Iodine monochloride is a pungent-smelling black crystal or a reddish-brown oily liquid. It is an interhalogen compound with the formula ICl; this molecule is strongly polar and acts as a source of I+ due to the difference in electronegativity of iodine and chlorine. It is made by reacting astoichiometric amounts of solid iodine with liquid or dry chlorine. Bypassing chlorine gas through an iodine suspension in moderately strong hydrochloric acid, aqueous solutions of ICl can be produced:
5I2 + 4HCl + 3Cl2 → 10ICl + 2H2
The halogens are combined in a 1:1 molar ratio to produce iodine monochloride, according to the equation: I2 + Cl2 → 2 ICl. Iodine monochloride can also be generated by oxidizing iodine with iodic acid in a strong hydrochloric acid solution.:
2I2 + HIO3 + 2HCl → 2ICl + 3HIO
The brown vapor of iodine monochloride is produced when chlorine gas is passed through iodine crystals. The liquid iodine monochloride is dark brown in color and has a melting point of 27°C (alpha form) or 14°C (beta form) (beta form). Alcohol, ether, CS2, acetic acid, acetone, and pyridine are all soluble in it, and it hydrolyzes to HCl and IOH in water. As ICl comes into contact with potassium metal, it explodes, then combines with sodium metal and will explode if it is impacted. It has a rather exothermic reaction with PCl3.
When heated, iodine monochloride is moderately explosive. Rubber and a variety of organic materials react with it. Aluminum foil enflames (after a period of delay). In a reversible reaction, excess chlorine transforms iodine monochloride to iodine trichloride:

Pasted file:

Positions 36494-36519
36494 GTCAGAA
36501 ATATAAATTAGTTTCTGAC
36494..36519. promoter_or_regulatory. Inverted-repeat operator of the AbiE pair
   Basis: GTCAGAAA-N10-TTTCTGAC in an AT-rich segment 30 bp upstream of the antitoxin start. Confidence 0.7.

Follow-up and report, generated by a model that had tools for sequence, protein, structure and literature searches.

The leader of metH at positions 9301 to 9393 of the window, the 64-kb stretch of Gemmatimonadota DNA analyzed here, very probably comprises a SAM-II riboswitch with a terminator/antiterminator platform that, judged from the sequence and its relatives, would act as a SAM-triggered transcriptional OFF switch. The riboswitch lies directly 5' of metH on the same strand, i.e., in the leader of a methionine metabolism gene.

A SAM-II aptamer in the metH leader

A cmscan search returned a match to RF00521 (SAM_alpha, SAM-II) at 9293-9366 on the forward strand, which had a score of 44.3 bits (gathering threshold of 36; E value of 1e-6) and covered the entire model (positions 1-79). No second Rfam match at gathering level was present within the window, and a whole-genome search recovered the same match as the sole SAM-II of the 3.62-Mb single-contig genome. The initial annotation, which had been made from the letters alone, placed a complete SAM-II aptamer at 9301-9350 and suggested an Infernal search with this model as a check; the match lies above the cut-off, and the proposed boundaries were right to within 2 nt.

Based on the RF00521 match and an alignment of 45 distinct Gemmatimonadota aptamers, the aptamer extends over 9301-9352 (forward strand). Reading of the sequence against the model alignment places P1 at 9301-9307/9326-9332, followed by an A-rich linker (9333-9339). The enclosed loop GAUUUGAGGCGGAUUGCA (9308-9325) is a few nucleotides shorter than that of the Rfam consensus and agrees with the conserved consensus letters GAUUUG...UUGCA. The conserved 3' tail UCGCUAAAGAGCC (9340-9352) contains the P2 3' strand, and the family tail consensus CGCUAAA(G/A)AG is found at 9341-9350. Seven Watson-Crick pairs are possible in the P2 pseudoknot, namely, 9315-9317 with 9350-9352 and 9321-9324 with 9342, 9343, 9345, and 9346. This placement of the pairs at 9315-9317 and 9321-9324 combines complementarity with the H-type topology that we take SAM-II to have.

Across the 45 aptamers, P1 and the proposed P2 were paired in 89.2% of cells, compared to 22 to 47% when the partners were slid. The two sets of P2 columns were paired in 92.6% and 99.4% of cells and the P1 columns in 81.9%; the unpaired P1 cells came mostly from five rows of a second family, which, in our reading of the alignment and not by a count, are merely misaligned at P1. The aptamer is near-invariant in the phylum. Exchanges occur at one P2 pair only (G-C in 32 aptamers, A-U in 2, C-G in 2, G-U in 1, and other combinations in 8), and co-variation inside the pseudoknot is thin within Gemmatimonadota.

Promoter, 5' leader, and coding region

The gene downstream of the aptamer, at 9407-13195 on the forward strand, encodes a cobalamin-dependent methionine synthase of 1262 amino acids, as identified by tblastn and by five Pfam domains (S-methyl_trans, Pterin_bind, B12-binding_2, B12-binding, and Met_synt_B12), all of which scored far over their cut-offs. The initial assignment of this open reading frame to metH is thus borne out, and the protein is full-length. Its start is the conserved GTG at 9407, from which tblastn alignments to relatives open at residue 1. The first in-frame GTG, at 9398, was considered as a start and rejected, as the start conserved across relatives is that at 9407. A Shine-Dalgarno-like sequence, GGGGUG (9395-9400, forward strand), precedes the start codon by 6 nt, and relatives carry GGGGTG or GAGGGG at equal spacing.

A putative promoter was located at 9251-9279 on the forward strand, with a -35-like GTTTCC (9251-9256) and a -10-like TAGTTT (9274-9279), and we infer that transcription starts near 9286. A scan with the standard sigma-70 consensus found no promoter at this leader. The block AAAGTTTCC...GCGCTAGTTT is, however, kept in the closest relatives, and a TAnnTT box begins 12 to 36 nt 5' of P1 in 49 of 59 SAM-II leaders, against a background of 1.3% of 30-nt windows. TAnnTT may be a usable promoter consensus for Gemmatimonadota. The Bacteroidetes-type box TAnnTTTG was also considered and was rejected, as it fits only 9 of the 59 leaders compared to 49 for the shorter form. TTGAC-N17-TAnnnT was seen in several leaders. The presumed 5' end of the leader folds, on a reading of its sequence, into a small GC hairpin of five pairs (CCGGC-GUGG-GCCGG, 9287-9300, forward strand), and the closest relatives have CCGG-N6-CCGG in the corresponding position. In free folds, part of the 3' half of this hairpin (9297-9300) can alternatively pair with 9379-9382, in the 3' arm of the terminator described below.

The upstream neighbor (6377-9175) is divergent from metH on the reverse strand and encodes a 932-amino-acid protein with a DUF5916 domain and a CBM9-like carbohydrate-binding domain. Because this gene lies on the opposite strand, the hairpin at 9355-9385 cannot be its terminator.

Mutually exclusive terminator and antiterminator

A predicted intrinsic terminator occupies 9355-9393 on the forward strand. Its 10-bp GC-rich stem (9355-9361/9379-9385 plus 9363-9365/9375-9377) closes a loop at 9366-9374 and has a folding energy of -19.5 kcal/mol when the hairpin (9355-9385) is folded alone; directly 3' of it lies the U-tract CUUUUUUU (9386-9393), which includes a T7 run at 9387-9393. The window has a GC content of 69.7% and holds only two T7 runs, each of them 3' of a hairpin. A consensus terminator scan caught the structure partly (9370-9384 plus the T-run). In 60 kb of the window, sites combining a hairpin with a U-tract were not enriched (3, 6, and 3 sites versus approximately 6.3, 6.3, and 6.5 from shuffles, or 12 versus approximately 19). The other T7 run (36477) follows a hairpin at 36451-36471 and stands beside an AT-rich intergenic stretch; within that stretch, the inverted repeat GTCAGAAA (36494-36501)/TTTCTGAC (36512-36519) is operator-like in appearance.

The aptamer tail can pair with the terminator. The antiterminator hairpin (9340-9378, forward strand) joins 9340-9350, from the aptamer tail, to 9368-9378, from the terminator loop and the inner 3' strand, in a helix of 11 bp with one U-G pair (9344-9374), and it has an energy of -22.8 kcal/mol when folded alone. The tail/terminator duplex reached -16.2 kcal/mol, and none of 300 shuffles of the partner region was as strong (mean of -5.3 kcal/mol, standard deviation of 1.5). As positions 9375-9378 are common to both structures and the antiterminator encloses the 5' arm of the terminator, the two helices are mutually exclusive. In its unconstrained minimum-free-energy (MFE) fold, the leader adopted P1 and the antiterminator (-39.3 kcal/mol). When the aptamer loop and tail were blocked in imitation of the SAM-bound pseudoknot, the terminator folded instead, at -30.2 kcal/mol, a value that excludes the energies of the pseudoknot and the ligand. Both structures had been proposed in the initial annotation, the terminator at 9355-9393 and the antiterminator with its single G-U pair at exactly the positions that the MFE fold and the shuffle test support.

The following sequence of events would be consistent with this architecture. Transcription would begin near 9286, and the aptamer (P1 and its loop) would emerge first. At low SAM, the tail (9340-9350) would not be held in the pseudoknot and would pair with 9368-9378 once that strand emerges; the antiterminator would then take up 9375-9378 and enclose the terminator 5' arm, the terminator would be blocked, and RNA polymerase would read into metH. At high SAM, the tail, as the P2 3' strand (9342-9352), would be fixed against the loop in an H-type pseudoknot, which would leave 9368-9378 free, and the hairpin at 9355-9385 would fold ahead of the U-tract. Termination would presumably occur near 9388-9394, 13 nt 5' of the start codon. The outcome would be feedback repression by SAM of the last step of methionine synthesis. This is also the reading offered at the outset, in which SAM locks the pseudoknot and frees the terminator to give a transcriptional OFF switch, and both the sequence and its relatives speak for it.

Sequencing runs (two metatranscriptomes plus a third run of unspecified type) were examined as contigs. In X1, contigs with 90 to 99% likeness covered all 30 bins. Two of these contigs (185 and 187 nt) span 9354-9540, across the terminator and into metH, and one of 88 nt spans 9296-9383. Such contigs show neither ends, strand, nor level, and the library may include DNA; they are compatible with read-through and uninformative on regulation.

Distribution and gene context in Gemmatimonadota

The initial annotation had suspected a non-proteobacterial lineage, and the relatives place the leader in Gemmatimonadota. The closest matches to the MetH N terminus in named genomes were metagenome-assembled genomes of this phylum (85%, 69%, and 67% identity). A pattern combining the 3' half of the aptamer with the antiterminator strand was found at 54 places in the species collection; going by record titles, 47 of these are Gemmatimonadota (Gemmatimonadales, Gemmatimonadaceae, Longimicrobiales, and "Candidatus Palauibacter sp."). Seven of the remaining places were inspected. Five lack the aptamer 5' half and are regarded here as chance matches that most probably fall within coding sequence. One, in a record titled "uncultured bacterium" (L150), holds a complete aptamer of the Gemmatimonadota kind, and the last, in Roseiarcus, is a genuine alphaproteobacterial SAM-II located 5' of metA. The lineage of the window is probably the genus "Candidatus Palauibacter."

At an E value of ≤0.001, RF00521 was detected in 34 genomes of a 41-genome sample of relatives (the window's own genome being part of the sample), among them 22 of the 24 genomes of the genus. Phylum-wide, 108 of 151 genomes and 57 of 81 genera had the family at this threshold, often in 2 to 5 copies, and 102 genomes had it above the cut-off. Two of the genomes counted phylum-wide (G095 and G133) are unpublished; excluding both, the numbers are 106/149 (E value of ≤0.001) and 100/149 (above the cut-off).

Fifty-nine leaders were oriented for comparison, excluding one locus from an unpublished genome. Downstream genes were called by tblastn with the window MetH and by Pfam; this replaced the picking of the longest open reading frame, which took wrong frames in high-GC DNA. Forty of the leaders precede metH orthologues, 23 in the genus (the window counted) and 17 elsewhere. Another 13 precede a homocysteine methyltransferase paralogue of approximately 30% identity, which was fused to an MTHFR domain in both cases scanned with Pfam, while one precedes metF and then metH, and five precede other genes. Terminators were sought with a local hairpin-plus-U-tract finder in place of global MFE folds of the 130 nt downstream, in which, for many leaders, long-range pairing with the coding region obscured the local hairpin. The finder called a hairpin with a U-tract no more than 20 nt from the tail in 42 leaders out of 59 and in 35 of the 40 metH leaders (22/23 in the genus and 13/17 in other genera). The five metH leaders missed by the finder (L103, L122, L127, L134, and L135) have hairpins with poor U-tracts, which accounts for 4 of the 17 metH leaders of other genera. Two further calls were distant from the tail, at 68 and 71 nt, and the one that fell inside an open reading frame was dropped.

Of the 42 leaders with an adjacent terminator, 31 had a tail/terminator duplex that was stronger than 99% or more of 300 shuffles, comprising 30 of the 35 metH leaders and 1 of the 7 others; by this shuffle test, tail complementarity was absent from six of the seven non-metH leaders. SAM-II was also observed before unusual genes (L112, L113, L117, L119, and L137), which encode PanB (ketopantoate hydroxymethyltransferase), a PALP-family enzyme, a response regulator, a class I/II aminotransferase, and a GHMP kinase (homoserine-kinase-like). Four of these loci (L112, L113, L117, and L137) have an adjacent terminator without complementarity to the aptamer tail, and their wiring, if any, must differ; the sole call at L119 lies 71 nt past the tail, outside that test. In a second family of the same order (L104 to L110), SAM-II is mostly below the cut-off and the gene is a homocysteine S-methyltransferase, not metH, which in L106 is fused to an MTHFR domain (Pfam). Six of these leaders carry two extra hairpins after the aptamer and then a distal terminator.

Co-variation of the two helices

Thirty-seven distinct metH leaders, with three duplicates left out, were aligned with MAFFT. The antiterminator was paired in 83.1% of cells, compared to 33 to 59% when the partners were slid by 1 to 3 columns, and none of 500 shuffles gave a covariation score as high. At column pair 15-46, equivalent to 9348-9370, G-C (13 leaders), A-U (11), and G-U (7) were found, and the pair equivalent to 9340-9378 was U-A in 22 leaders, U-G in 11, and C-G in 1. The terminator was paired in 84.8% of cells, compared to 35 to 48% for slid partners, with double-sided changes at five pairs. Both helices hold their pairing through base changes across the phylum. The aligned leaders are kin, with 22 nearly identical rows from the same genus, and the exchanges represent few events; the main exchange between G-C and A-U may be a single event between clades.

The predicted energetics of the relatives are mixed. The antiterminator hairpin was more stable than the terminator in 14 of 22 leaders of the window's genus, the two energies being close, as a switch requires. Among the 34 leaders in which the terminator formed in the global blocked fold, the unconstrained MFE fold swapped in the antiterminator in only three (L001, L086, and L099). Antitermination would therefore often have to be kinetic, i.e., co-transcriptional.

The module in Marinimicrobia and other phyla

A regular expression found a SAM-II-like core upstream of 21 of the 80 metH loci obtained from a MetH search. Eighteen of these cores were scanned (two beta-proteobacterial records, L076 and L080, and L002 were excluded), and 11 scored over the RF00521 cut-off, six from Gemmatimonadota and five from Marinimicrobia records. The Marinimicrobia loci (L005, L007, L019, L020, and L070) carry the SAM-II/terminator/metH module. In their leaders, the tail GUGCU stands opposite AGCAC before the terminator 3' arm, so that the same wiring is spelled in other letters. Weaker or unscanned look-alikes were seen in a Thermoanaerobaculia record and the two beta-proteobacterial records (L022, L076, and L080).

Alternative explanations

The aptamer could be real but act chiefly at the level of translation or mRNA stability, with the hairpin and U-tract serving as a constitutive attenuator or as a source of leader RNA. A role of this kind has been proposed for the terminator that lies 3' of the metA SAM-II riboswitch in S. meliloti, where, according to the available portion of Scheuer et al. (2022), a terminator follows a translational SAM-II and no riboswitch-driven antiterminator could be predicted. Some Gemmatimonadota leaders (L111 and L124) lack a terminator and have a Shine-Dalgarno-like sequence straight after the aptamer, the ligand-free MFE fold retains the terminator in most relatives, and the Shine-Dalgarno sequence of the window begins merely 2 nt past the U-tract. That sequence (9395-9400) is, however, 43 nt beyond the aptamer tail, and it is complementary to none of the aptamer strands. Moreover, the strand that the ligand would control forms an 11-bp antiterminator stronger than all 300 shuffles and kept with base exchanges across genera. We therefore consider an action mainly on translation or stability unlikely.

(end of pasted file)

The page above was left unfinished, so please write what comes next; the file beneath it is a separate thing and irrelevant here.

ICl + Cl2 ⇌ ICl3
When heated with carbon, sulfur, sugar, resin, or powdered combustible elements, it produces iodine pentaoxide, which reacts explosively. ICl comes in two forms: α-ICl, which is black needles (red by transmitted light) with a melting point of 27.2 °C, and β-ICl, which is black platelets (red-brown by transmitted light) with a melting point of 13.9 °C. It emits highly toxic fumes of /hydrogen chloride and hydrogen iodide/ when heated to decomposition and can explode.
The molecules in both polymorphs’ crystal structures are arranged in zigzag chains. β-ICl has the space group P21/c and is monoclinic. It’s simple to make by mixing an aqueous potassium iodate solution with potassium iodate dissolved in concentrated HCl in a closed vessel to prevent chlorine loss. The skin is extremely corrosive to iodine monochloride. Burns and dark spots result from contact with the skin. Immediately wash with 15-20 percent HCl if any one come into contact with it. Vapors irritate the skin, eyes, and mucous membranes; when taken orally, the compound is mild to extremely toxic.
In organic synthesis, ICl is a valuable reagent. In the synthesis of some aromatic iodides, it is used as a source of electrophilic iodine. C–Si bonds are also cleaved by it. The material itself is non-combustible, but it can decompose when heated, producing corrosive and/or toxic fumes. Iodine monochloride is a topical anti-infective that is used to measure the iodine values in fats and oils. The Wijs solution, which consists of iodine monochloride dissolved in acetic acid, is used to calculate a substance’s iodine content.
Purify it by fractional crystallization from its melt at low temperatures over and over again. The black crystals turn into a reddish-brown liquid as they melt. By reacting with a chlorate, it can also be used to make iodates. As a byproduct, chlorine is published. Lewis acids such as dimethylacetamide and benzene form 1:1 adducts with iodine monochloride, which is a Lewis acid.